What Is Achalasia? (A Guide)
Updated on June 8th, 2019
Achalasia is a rare disease that affects only a small percentage of the population. This condition affects the function of the lower esophageal sphincter, making it difficult for food and liquid to pass through the digestive tract successfully.
This can lead to regurgitation because food gets stuck. There is no specific cure to make it go away completely, but there are numerous treatment options to help manage the symptoms.
At YourDNA.com, we have some answers for questions our readers might have, including is achalasia deadly?
What Is Achalasia?
Achalasia is a serious condition that impacts how the esophagus functions. It is considered to be a progressive disease, meaning it gets worse over time.
This condition prevents the lower esophageal sphincter (LES) from opening up and relaxing. When the LES does not open up properly, food can get backed up within the esophagus, causing malnutrition and regurgitation.
There are three subtypes of achalasia 1:
- Classic or minimal contractility
- Simultaneous contractions
- High-pressure and simultaneous spasms
The different achalasia types are classified by what occurs with the esophagus when food and/or liquid is swallowed.
• Regurgitation of food
• Difficulty swallowing liquids and foods
• Chest pain, which is increased after eating
• Weight loss
• Lump in the throat
• Feeling of fullness
The most common symptom experienced among patients is the feeling of food getting stuck in their chest while they’re eating. This condition is easiest to treat when it’s diagnosed early on.
It’s important to talk with your primary health provider if you have any of the above symptoms so they can start testing you for it. There are other conditions that have the same or similar symptoms as achalasia, which is why it’s helpful to seek the diagnosis of a specialist for the most accurate diagnosis.
Difficulty swallowing and having the feeling that food is stuck are two big red flags and something you don’t want to ignore.
How Is Esophageal Function Abnormal in Achalasia?
Achalasia affects the lower esophageal sphincter by preventing it from relaxing. The LES is a small ring muscle at the lowest end of the esophagus right before the stomach.
When it’s able to relax, it opens up and allows food to pass into the stomach. With achalasia, the food gets stuck and ends up building up in the esophagus. This can lead to regurgitation because the food does not successfully make it through the digestive tract.
What Causes Achalasia?
Most cases of achalasia are sporadic, which means there’s no family history of this disorder. Familial achalasia is when there are several members of one family 2 that have this disorder, but it represents less than one percent of all cases.
It is believed that familial esophageal achalasia is passed down in an autosomal recessive fashion. To be affected, an individual must have a mutation on both copies of the genes from each parent. You can be a carrier of achalasia without ever having symptoms of it.
So, is achalasia hereditary? It can be in some situations. When there are two carriers of achalasia, each child they have together has about a 25% chance of having it.
There is no conclusive evidence as to whether or not idiopathic achalasia is related to genetic markers. Familial achalasia is typically a rare occurrence and there are conflicting theories regarding how significant the etiologic factor is.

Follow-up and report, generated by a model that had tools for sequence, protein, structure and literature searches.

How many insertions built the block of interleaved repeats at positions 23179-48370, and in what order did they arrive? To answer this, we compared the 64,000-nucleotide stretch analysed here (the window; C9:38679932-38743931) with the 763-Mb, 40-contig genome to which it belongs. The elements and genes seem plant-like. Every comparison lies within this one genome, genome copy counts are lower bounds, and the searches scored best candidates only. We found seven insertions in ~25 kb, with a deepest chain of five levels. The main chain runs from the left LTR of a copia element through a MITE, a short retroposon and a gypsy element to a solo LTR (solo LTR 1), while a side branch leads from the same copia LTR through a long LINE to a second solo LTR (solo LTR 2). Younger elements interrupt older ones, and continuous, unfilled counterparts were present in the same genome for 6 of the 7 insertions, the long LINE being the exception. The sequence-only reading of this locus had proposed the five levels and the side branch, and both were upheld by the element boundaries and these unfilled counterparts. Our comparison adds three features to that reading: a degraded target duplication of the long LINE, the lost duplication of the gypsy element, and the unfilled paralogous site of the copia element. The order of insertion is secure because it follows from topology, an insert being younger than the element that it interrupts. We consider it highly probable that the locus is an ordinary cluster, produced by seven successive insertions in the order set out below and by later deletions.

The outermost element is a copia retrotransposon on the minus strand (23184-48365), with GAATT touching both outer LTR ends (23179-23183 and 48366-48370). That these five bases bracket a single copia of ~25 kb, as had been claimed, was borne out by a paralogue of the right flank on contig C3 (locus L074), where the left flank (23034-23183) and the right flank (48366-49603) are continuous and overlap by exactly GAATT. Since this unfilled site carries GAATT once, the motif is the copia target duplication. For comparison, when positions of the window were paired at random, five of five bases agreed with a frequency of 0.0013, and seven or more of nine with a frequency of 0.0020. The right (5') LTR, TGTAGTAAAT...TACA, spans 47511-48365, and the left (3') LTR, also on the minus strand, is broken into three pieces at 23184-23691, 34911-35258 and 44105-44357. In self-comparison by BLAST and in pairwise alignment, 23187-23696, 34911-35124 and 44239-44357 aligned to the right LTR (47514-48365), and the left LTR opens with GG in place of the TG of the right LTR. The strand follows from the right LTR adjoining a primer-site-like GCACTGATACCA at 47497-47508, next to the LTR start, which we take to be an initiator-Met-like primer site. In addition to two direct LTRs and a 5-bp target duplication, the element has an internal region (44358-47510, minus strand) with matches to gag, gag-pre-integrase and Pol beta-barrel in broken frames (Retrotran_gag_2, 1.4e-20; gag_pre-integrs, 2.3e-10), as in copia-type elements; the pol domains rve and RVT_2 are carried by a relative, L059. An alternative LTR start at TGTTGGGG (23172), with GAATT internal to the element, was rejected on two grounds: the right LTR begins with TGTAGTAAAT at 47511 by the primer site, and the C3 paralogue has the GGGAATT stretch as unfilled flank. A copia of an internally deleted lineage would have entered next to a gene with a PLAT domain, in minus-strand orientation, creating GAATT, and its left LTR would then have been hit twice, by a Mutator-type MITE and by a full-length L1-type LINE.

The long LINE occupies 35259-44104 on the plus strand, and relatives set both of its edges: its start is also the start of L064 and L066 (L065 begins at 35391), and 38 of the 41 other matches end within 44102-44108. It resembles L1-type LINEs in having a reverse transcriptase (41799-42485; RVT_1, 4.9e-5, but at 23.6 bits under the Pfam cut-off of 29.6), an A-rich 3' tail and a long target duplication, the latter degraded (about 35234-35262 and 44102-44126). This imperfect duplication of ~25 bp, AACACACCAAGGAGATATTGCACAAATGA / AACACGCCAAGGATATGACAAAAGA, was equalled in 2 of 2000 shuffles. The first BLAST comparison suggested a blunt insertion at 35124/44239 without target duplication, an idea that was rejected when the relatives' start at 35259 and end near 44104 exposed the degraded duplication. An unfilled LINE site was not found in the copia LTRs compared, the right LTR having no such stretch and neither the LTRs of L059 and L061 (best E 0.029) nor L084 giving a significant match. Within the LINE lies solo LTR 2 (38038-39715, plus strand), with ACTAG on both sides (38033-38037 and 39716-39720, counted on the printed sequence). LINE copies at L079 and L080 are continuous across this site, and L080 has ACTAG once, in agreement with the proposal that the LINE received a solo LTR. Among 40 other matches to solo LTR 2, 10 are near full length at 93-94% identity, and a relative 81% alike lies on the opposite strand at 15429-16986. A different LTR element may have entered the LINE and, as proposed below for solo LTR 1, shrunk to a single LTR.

There have been studies performed to determine if an achalasia virus was real. It was determined that there was nothing to suggest achalasia was viral. Some also believe achalasia is a neurological disorder, but there is no concrete evidence to support this either.
Achalasia and lupus could both fall into the same autoimmune disease category but there is not enough evidence to support this theory either.
Who Does Achalasia Typically Affect?
This condition generally only affects adults who are between the ages of 25 and 60 3, but it’s something that can affect individuals at any age. Achalasia affects males and females equally, except when the disease is inherited.
When it’s passed down, it seems to affect males twice as often as females.
Diagnosis of Achalasia
There are several diagnostic tools that physicians use to diagnose achalasia. Typically the first thing they’ll do is obtain a patient’s medical history and perform a physical examination.
Other diagnostic methods are used too for a more concrete diagnosis. Achalasia can be diagnosed at any age, but it’s rare to see it before adolescence. In most cases, the condition gets diagnosed between ages 25 and 60. Achalasia types of radiology include:
A chest x-ray uses electromagnetic radiation and produces images of the inside of the body. X-rays are helpful with diagnosing achalasia because they’re able to detect any abnormal dilation of the esophagus.
Chest x-rays cannot diagnose achalasia alone, they must be used in combination of other diagnostic tools.
High-Resolution Esophageal Manometry
This type of diagnostic tool is used commonly in individuals who exhibit symptoms of achalasia. This method is effective because it’s able to tell how well the esophagus functions by detecting any changes in pressure in the esophagus when the individual swallows.
During a high-resolution esophageal manometry, a doctor inserts a catheter through the nose or mouth and down to the esophagus. With the catheter inserted, you’ll have to take small sips of water every 30 seconds and the sensors in the catheter will detect changes in pressure.
Upper endoscopies allow doctors to get a better view of the esophagus, stomach, the beginning of the small intestine, and the lower esophageal sphincter. During this procedure, doctors will be able to tell if there’s any dilation, irritation, swelling, or if there’s any kind of growth that would cause problems when swallowing foods and liquids.
During a barium esophagram, individuals are required to swallow liquid while an x-ray is taking place. Different positions, such as laying down, will be used to obtain the best results.
When someone drinks liquid barium, the esophagus becomes highlighted, making it easier to tell if there’s any kind of muscle or nerve problem. If the test determines that the esophagus looks dilated, there’s a strong chance the patient has achalasia.